Our increased understanding of the biology, pathophysiology, and genetics of pancreatic NETs has led to improved diagnostic and treatment options. However, the optimal treatment and sequencing of these treatments remain largely undefined. The relatively uncommon occurrence and indolent nature of some NETs make designing and completing adequately powered randomized trials very difficult. Most patients receive multiple modalities of treatments during the course of their disease. Assessment of the effectiveness of a particular treatment relative to the other treatments becomes very challenging due to the use of a plethora of various treatments with widely varied sequencing. Thus, a lack of established data on optimal treatment sequencing exists. Available practice guidelines offer a wide variety of management options but remain inadequate for the care of individual patients. Involvement of an experienced multidisciplinary team is crucial to provide the optimum coordinated care. For patients with metastatic disease, a multitude of treatment options has ranged from surgical debulking, to systemic chemotherapy, targeted therapy, liver-directed therapy, peptide receptor radionuclide therapy, and more.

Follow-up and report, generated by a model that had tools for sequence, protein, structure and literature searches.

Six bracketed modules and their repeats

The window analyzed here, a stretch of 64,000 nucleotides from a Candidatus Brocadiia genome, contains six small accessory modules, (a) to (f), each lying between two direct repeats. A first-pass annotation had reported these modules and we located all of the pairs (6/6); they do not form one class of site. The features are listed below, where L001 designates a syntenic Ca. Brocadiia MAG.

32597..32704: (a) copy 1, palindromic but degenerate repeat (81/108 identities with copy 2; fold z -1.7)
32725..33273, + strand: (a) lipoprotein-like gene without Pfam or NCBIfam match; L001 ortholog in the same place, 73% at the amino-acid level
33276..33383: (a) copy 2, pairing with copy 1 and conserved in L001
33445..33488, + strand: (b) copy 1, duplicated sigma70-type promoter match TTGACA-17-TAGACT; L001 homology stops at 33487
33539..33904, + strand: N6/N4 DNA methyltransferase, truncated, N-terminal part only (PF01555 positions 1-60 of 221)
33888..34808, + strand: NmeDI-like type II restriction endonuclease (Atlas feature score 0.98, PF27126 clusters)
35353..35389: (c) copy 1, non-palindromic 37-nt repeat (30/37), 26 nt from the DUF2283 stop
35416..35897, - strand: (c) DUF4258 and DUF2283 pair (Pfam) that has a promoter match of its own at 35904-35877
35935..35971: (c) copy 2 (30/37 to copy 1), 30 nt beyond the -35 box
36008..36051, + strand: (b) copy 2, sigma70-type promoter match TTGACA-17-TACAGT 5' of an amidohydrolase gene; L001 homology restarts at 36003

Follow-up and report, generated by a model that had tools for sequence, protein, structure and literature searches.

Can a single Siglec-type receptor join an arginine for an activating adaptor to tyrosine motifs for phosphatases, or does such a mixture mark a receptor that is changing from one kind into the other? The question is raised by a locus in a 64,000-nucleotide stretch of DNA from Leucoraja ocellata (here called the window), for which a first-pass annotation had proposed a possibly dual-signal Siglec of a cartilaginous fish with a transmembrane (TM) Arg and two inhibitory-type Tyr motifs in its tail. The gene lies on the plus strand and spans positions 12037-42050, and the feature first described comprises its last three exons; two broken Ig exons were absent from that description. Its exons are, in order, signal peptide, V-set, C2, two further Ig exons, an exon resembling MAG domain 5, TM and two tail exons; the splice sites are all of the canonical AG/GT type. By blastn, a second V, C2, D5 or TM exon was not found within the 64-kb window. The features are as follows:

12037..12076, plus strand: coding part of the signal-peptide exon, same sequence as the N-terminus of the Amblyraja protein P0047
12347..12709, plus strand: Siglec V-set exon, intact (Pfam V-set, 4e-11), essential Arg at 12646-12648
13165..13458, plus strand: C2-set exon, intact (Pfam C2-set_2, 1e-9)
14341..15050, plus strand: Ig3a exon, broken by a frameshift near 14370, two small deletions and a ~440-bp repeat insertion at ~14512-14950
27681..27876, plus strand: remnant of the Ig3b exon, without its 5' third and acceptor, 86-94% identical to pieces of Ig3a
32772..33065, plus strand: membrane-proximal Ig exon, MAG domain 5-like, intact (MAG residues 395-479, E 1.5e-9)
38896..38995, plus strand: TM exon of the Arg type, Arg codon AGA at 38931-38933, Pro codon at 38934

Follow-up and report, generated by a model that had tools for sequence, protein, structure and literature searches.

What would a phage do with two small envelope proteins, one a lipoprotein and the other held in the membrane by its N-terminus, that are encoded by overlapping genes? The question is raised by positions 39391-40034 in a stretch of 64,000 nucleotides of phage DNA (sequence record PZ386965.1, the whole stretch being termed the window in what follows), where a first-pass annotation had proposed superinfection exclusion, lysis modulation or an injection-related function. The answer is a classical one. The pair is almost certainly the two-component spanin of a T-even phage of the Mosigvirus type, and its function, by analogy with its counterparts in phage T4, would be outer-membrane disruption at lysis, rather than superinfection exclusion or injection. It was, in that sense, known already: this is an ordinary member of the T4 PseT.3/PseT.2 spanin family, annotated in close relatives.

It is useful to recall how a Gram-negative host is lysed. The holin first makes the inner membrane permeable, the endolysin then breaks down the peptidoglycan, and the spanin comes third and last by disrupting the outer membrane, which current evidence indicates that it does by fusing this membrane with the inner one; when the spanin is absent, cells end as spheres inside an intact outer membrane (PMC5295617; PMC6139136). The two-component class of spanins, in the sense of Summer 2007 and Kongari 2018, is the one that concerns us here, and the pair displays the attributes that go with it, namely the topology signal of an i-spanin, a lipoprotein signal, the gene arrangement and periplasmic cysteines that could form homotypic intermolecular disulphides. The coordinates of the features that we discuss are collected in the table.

Surgery is the initial treatment approach for most early-stage tumors. However, patients with incidentally discovered nonfunctioning tumors, especially those less than 1 cm in size, may be followed depending on the site of the tumor.17,18 Resection of the primary tumor and its metastases may be of benefit in selected patients with advanced disease. Metastases in patients with NETs of the pancreas often occur first in the liver. Curative-intent surgical excision of both the primary tumor and the metastases should be considered in patients with limited hepatic disease. This can be performed in a staged or synchronous fashion.19 Noncurative debulking surgery can also be considered in selected cases. When performing staged pancreatoduodenectomy and liver resection, hepatectomy should be considered before pancreatic resection to minimize the risk of perihepatic sepsis from the contaminated biliary tree.20 Additional resection and/or ablation may be possible, providing long-term survival.21 A prophylactic cholecystectomy may be considered, to avoid biliary symptoms and gallstones that could occur due to the continued future use of long-term somatostatin analogues.22